Bubble Screen Offense West Coast Offense with Holiday as starting QB?
Hiring Davie wrecked the program. But all the wreckage was set aflame by Florida State 7 years ago to this day, when they walked into Notre Dame Stadium and scored 37 unanswered points. The Irish were so torched that evening, that it should have sent a signal to any of us who didn’t know it yet. The program was a wreck, just laying there, unable to muster even a semblance of a response to a throat stomping. And Willingham was so dumbfounded as to what had just happened that he actually said, “I don’t know if I can explain it because if we could, hopefully we would have had some answers prior to this moment.”
But sometimes it takes a signal, like the light of a flaming wreck of a program, quite a while to be received. And sometimes it can be hard to see if you’re looking the other way.
Enter Weis, with the gleam of his superbowl rings, a fresh breath of bravado to infuse into a down-trodden team, and the capability to slice and dice his way out of most games, at least until it was time to pay the piper for sins committed before he took the reigns and after. Weis never had a plan to rebuild a program. Weis could just keep calling plays that should work. Right? So long as he had the players.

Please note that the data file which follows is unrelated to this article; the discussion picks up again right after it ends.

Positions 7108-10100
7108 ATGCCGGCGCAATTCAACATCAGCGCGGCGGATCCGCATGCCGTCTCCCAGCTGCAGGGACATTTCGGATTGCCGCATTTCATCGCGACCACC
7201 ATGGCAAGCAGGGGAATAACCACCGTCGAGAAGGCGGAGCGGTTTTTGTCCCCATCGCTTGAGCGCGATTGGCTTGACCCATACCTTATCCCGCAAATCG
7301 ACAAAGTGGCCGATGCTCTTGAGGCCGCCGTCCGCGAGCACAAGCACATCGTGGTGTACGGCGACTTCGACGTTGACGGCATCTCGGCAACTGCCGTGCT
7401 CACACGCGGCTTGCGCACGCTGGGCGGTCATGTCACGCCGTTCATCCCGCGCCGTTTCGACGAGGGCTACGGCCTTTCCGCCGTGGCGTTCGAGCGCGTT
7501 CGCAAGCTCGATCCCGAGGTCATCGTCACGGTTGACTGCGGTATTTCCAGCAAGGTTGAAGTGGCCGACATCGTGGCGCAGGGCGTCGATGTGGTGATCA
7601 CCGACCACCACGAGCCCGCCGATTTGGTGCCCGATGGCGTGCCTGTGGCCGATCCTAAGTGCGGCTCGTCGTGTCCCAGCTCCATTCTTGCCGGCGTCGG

At least Weis realized he needed the players. And he realized he needed to go get them. He at least did that. He needed to consort with sports psychologists, ND faculty members, and the Patriots to even decide on a direction – every year – in terms of how to go about building his program, but at least he knew he needed talent to do it. Unfortunately, he apparently thought that talent, once on campus, was a finished product. And meanwhile, that talent was not working on blocking or tackling in practice, and was competing in tater-tot eating competitions.
And remember, through the vast majority of all of this time and all of these coaching regimes, we had Kevin White, the “Athletic Director” of Notre Dame, busy trying to figure out a way to create synergy between the ND brand, and local car dealerships. Answer: Jumbotron! The guy never even considered that the answer to “maximizing the ND Brand” could be “win.” And if you demanded wins, then he was going to schedule the way Bob Davie had always wished ND would.